Willcox learned that the other five crew members he was captured with who returned to East Texas didn’t tell their families anything about their service. Willcox then spent time with some of the families after their deaths, enlightening them with what their loved ones went through. He stayed with one family for three days answering their questions so they could understand. The families were relieved to finally know, as the men had kept their pain hidden for years.

For Willcox, interjecting humor and stories of camaraderie makes sharing the stories of pain a little easier. He also worked to forgive the people who hurt him and fellow comrades, such as the German soldier who towered at 7 feet tall with a monstrous build. That soldier was so strong he grabbed an American POW by the shoulder and squeezed him until his collarbone snapped.

“This is why we are receiving Purple Hearts,” said Willcox. “We shed blood as prisoners of war, wounds that were sometimes as severe as combat wounds. During boot camp we were encouraged to harass guards if we were captured. If we gave them a hard time, they were likely to put more guards on us as opposed to putting them on the front line. Our prison camp had about 17,000 American prisoners, and in Europe there were about 148,000 in total. My group was comprised of 4,000, and I can say that we never fought over food even though it was incredibly scarce. I weighed 160 pounds when I was captured and dropped to 92 pounds within the first 43 days. When I was released I weighed a mere 78 pounds. We were all skin and bone, yet we shared. Unlike us, the Russians fought over their food and there was a terrible sense of morale.”

One night, 75 of the prisoners were put in a barn, and alongside one wall of this barn were 58 milk cows. Willcox learned how to milk when he was 2 and a half, so at 1 a.m. he set about collecting containers and milking the cows so the men could have a taste of milk. People kept coming with the containers and he kept pushing, even though his arms and hands were utterly exhausted. He kept at it until everyone in that barn had 8 ounces of milk. He even made sure not to exhaust the cows' milk supply of so the farmers yield wouldn’t be hurt. The prisoners supported each other as best as they could.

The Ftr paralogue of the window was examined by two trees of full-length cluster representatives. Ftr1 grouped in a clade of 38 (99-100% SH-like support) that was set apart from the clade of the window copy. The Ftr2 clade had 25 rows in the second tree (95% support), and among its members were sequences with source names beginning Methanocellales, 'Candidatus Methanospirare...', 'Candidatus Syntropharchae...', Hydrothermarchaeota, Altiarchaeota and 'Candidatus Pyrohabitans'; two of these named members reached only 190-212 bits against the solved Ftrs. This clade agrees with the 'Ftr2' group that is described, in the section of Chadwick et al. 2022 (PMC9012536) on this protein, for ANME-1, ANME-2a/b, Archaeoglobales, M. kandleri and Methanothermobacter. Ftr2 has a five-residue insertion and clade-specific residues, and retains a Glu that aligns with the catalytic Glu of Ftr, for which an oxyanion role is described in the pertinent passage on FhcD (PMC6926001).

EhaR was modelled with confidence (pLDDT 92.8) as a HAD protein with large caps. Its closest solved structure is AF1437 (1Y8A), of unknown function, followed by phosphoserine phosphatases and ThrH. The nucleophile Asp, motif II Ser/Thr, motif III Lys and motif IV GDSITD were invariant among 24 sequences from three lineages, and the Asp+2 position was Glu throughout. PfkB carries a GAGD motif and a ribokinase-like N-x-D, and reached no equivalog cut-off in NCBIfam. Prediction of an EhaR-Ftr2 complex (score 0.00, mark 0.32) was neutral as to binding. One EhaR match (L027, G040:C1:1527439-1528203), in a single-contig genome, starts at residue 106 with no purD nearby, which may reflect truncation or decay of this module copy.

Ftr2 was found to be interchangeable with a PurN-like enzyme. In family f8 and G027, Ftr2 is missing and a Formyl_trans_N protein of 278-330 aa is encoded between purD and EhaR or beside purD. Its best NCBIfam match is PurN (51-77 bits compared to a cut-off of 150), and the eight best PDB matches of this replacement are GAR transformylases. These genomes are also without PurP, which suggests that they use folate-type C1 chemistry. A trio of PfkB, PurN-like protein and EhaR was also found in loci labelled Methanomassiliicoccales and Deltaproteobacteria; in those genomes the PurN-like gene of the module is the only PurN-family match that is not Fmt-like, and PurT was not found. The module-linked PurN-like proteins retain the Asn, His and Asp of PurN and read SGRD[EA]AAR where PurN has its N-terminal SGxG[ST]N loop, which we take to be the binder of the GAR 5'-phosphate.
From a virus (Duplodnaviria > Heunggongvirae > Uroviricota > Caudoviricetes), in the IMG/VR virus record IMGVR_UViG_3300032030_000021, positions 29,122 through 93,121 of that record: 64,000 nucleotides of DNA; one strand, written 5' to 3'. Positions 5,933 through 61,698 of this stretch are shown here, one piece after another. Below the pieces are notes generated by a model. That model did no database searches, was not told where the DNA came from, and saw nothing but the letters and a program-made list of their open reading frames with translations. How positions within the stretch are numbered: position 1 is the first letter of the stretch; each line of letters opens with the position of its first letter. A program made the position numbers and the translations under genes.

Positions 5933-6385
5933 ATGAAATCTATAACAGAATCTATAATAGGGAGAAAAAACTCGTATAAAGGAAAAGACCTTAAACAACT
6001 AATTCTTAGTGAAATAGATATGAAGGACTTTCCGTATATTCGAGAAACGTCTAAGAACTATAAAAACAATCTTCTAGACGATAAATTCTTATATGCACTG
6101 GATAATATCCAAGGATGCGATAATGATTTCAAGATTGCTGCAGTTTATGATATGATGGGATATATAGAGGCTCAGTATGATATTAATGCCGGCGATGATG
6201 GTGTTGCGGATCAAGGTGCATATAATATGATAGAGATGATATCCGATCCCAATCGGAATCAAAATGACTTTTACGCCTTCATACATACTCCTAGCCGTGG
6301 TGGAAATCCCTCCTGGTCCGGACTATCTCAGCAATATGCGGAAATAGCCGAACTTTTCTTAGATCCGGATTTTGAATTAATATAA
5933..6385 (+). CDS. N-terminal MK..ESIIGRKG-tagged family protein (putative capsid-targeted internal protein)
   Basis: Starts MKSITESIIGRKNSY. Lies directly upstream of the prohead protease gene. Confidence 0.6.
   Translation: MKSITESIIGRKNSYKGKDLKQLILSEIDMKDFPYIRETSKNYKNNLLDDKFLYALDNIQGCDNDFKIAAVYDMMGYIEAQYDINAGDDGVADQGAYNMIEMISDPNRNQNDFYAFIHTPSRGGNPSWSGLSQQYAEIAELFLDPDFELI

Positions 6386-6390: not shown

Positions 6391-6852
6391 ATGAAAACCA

“On May 2, 1945, we were 700 days into a death march headed west to Brussels when we stopped at an intersection,” said Willcox. “The commander went forward and came back with the British Second Army who liberated us. We were then processed in Brussels and sent to France where we awaited ships to take us home. I came to Longview where my sweetheart was waiting for me and was happily reunited with her. During my time away, I was able to write four postcards a month at the camps. I kept in touch with her and other family. After our meeting, I tried reaching out to family and learned they were all at the hospital visiting my grandmother on her sickbed. I walked in just as they were reading her a letter they had just received from me that I wrote a month back. I took her by the hand at the conclusion of the letter and said that I meant every word of it. She beamed at me and was filled with joy.”